October holds a dual significance for many, as it ushers in both Hispanic Heritage Month and Queer History Month. As someone who embodies the intersection of being Latino, gay, and Lutheran, this month offers a time of introspective reflection and celebration.
Diversity within identities is not merely a demographic checkbox; it’s a complex interplay of experiences and histories that shape how we view the world and our place within it. Being Panamanian American means embodying a rich tapestry of cultures, traditions, and histories, spanning countries and continents. This vibrant mosaic is, in many ways, mirrored by the intricate tapestry of the queer community, which is vast and varied in its expressions of love, gender, and identity.
However, our world often compels us to compartmentalize these aspects of our identity, as if they cannot coexist harmoniously. But I challenge that narrative. For me, being Latino and gay are not separate threads of my identity; they are intertwined, each lending its hue and texture to the fabric of who I am. And my Lutheran faith? It has been a space for me to live out the various aspects of who I am in service to God and others.
The Lutheran church in metro New York, one of the most ethnically diverse areas in the world, unavoidably navigates a wide range of diversity. While there have been moments of tension and challenge, the core tenets of our faith — grace, love, and the inherent dignity of all — guide us towards inclusivity. Our faith encourages us to embrace all facets of our identity, acknowledging that in our differences lies our strength.
As a board member of the Extraordinary Lutheran Ministries, I’ve had the privilege of witnessing firsthand the power of intersectionality within our church. The queer community, which has historically felt estranged from religious spaces, finds in ELM a sanctuary where love is love, and God’s grace knows no bounds. Similarly, our rostered leaders find solace in an organization that sees them, hears them, and champions their invaluable contributions.
However, it’s crucial to understand that while progress has been made, the journey is ongoing. Advocacy, education, and allyship are essential tools in ensuring that our church remains a space of acceptance and love. As we celebrate Hispanic Heritage and Queer History this month, it serves as a reminder that our stories, intertwined and complex, are an integral part of the broader narrative.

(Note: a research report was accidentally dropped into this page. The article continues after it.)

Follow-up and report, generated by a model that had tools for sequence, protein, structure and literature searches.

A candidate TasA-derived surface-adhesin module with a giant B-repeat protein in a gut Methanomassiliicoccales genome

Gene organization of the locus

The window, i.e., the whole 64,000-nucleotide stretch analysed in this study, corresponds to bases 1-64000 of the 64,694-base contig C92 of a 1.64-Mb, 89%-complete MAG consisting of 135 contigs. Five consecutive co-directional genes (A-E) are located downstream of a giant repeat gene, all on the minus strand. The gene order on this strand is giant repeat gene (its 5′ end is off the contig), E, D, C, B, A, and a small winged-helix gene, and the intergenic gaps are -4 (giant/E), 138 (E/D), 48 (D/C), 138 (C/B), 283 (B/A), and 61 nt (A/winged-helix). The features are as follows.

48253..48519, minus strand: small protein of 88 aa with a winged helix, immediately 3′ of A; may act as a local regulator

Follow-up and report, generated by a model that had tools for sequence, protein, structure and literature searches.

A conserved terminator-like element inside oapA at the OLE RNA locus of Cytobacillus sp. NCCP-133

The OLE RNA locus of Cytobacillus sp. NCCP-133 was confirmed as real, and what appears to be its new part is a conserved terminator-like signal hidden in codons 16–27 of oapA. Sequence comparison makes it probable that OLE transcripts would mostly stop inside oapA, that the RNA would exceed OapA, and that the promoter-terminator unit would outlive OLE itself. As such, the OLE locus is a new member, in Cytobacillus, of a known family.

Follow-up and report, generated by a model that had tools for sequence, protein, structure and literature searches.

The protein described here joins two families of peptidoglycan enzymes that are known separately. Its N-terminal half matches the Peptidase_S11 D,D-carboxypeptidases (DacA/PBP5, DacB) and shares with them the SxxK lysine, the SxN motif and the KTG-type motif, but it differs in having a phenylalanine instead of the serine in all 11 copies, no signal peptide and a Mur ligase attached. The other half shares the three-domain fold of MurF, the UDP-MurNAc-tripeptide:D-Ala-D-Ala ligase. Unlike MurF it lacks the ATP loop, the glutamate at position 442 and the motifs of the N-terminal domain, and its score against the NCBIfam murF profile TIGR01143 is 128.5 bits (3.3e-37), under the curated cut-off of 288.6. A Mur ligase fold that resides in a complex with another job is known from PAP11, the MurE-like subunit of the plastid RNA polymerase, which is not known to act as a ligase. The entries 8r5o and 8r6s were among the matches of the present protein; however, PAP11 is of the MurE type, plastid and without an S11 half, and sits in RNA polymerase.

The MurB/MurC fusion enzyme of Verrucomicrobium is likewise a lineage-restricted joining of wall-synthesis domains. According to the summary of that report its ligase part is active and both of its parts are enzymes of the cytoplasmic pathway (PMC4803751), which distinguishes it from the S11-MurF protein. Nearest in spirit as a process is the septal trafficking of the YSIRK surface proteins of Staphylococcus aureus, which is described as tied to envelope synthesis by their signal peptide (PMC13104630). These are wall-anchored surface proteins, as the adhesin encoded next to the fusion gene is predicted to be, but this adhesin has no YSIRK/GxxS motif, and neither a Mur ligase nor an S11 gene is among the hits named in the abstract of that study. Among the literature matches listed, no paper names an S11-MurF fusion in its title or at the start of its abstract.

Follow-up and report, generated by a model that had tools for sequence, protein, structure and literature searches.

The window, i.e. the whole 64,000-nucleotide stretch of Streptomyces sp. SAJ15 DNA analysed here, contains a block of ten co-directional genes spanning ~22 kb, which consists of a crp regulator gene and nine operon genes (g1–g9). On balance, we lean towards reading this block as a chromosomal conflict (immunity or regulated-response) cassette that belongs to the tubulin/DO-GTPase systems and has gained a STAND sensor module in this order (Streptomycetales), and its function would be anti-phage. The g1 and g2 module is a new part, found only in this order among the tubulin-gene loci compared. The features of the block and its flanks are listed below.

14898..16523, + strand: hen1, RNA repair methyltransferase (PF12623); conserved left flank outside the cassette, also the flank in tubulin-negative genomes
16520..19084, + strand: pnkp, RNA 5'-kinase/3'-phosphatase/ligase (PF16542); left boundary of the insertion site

In embracing our multiple identities, we provide a roadmap for future generations. A roadmap that says, you can be Latino, gay, Lutheran, or any combination of identities, and find love, acceptance, and purpose. The richness of our stories, the challenges we’ve overcome, and the future we’re forging are testaments to the resilience and beauty of our communities.
I encourage each of us, regardless of our backgrounds, to take a moment this month to reflect on the intersections of our identities. Let us celebrate the beautiful mosaic that is our shared humanity. And let us remember that in our unity and acceptance we bring to others, we truly embody the teachings of our Lutheran faith.
In gratitude and solidarity,
Board Member, Extraordinary Lutheran Ministries
Vice President of the Metropolitan New York Synod
Christopher Vergara grew up in a Spanish-language Pentecostal church in New York City. Having gone to parochial schools his entire life, as having a Christian education was of the utmost importance to his single immigrant mother, he attended Valparaiso University (IN), where he was drawn into the Luther tradition. He returned to NYC to attend The Juilliard School to study costuming, and recently completed his MFA in costume design and pedagogy.
For the Lutheran Churches of Metro New York, Christopher has served on the synod council, the executive committee, Chair of the AMMPARO/Sanctuary Ministry, and was appointed to lead the synod’s Advocacy Taskforce, before being elected to be the synod’s vice president. For the wider church, Christopher has served on the ELCA’s memorial and nomination’s committees. Christopher crafted the memorial and made the motion to the assembly to have the ELA declare itself a sanctuary denomination, making it the first church body in the U.S. to do so. He is also a proud member of the board of Extraordinary Lutheran Ministries.
His advocacy work has earned him the Outstanding Friends of Immigrants Award from Seafarers International House, the Social Justice Award from the New York State Council of Churches, and The Order of the Blue Dragon & The Order of the Golden Dragon from the Gotham Nights Rugby Football Club